April 29, 2020
Vera Tiesler and Guilhem Olivier have published the results of their Mesoamerica heart extraction in Current Anthropology; “Open Chests and Broken Hearts: Ritual Sequences and Meanings of Human Heart Sacrifice in Mesoamerica.”
They studied anatomical analysis of skeletal evidence and compared it with systematically checked historical sources and over 200 instances of ceremonial heart extraction in codices. They focused on the location of openings created in the chest to allow for the removal of a victim’s heart and blood. They examined the resulting fractures and marks in articulated skeletons to infer about the nature of the entry wound and the potential instrumentation used.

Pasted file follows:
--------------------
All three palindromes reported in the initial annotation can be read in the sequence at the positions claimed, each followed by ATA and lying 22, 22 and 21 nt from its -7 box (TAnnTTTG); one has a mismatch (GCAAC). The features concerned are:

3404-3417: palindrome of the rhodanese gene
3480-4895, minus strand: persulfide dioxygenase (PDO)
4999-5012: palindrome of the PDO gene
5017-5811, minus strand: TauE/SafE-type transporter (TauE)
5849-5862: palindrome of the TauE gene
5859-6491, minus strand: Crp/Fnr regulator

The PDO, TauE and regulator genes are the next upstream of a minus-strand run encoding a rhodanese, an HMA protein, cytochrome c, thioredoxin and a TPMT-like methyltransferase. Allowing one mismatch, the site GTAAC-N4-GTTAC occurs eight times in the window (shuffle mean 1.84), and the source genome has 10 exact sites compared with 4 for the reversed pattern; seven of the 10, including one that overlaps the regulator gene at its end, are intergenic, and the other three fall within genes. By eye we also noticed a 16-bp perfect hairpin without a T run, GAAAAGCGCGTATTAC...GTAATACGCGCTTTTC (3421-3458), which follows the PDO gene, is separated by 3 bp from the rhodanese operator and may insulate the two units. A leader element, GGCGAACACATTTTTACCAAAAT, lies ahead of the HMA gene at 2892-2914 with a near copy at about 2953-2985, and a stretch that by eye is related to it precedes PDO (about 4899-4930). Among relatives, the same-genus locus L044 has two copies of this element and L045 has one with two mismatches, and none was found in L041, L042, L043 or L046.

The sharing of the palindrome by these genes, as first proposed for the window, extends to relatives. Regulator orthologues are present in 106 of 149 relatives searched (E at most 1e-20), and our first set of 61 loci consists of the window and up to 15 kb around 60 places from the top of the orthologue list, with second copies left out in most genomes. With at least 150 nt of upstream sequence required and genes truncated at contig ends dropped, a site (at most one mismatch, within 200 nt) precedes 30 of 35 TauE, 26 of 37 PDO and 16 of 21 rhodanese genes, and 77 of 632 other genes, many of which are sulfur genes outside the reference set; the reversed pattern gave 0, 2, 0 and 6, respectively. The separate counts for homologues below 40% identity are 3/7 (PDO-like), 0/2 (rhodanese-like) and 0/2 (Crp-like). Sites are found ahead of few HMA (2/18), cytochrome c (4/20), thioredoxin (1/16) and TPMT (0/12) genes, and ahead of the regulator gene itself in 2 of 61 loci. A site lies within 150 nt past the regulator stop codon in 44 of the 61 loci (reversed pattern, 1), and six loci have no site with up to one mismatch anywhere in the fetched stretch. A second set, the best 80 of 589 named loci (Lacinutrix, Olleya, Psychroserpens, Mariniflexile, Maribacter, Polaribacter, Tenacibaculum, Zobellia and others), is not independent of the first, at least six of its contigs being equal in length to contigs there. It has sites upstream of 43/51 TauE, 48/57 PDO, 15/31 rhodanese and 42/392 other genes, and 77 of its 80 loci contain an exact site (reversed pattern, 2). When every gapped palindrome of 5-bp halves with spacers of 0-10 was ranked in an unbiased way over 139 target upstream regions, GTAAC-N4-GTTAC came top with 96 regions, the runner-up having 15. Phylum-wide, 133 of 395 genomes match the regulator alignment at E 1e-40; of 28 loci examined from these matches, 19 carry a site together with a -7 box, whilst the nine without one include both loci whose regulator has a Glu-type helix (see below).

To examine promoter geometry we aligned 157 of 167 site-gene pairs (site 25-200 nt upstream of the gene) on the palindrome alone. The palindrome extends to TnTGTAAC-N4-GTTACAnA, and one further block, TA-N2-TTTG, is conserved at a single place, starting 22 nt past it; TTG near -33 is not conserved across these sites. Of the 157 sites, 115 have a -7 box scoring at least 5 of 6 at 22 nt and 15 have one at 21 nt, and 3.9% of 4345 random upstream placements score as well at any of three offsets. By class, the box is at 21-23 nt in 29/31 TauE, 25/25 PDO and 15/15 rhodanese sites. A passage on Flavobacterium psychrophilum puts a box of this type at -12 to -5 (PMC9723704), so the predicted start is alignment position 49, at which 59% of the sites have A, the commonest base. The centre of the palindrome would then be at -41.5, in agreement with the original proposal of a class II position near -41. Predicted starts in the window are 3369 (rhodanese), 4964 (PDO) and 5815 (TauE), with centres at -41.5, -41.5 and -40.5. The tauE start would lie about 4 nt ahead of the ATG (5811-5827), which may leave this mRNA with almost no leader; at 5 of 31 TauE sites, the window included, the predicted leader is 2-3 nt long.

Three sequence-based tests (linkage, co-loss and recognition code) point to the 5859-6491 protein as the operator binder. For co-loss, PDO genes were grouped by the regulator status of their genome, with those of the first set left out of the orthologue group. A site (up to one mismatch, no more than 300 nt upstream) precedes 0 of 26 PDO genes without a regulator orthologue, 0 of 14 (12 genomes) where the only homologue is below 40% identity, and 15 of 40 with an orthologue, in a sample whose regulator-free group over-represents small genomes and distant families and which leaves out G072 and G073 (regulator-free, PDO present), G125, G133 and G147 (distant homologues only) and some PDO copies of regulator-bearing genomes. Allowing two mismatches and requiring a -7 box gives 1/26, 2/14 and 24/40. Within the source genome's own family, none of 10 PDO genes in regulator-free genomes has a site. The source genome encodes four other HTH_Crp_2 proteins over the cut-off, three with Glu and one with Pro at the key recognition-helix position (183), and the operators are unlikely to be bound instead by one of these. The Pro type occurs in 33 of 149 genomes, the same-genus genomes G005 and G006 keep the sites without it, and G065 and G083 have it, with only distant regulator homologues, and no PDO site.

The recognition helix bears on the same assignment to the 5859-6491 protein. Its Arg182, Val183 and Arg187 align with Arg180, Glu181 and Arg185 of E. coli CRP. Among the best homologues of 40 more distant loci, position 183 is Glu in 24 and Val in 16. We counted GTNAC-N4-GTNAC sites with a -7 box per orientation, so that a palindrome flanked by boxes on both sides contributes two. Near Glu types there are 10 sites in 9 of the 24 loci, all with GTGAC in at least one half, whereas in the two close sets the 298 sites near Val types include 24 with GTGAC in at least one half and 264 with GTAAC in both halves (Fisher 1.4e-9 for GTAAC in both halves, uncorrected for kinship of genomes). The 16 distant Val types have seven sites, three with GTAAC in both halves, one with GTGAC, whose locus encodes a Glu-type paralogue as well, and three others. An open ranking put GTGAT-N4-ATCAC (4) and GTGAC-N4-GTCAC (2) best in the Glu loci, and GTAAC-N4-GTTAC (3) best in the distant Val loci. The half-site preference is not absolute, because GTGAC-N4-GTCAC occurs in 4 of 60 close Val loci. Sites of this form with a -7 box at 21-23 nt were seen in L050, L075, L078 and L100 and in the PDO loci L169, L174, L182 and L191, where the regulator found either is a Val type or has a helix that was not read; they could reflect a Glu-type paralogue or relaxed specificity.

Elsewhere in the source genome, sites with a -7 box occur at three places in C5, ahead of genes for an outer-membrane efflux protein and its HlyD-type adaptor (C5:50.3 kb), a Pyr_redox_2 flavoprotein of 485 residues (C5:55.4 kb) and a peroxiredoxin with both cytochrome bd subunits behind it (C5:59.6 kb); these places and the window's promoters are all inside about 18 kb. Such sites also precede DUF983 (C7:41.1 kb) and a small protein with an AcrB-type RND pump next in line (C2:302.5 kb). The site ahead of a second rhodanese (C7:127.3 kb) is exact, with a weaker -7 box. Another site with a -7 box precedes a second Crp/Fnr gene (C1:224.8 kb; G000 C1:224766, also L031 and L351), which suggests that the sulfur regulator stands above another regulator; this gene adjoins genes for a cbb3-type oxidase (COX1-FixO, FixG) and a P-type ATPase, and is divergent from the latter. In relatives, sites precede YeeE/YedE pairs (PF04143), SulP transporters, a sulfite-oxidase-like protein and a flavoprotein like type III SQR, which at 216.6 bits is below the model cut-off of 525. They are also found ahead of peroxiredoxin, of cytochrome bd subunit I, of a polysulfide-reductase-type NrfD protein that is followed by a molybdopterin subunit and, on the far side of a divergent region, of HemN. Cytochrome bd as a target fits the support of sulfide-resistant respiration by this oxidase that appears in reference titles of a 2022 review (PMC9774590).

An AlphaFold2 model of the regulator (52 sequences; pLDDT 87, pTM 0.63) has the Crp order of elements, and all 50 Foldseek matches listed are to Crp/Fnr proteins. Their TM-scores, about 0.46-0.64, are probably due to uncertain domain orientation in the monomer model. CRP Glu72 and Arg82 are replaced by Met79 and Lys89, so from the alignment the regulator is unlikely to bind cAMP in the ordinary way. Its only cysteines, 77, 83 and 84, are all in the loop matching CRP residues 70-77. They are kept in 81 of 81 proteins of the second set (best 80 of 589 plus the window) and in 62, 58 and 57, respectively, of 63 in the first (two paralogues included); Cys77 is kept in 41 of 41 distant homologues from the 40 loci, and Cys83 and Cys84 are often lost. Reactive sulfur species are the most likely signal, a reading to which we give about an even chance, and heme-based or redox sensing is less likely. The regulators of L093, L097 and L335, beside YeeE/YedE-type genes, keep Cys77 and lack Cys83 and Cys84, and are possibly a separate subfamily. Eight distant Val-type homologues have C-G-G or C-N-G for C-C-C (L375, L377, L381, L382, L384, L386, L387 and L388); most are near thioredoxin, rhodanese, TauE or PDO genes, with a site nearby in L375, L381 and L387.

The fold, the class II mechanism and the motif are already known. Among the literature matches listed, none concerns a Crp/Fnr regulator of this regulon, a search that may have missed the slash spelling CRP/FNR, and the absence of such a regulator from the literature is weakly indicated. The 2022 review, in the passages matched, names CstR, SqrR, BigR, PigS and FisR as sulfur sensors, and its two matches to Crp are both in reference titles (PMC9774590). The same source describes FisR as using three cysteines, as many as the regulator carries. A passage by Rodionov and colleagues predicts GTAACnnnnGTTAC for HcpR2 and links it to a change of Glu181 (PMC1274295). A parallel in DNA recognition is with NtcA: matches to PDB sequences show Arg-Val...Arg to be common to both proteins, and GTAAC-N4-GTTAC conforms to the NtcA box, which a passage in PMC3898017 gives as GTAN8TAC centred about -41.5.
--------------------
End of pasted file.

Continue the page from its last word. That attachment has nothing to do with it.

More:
Three distinct heart extraction methods were used; cutting directly under the ribs (subdiaphragmatic thoracotomy); making an incision between two ribs (intercostal thoracotomy); or by horizontally severing the sternum in order to access the heart (transverse bilateral thoracotomy).
The reason for this practice was as a source of “vitalizing matter,” or food for the gods. Hearts and blood were offered as sustenance to deities representing the sun and the earth in recognition of their sacrifices during the creation of the universe. Data–including linguistic analysis of ancient Mesoamerican terminology–reinforce suggestions that these rites served as acts of obligation, reciprocation, and re-enactment.
News360 has the report here;
Mike Ruggeri’s Toltecs and Aztecs
(Scroll down to Aztec Human Sacrifice)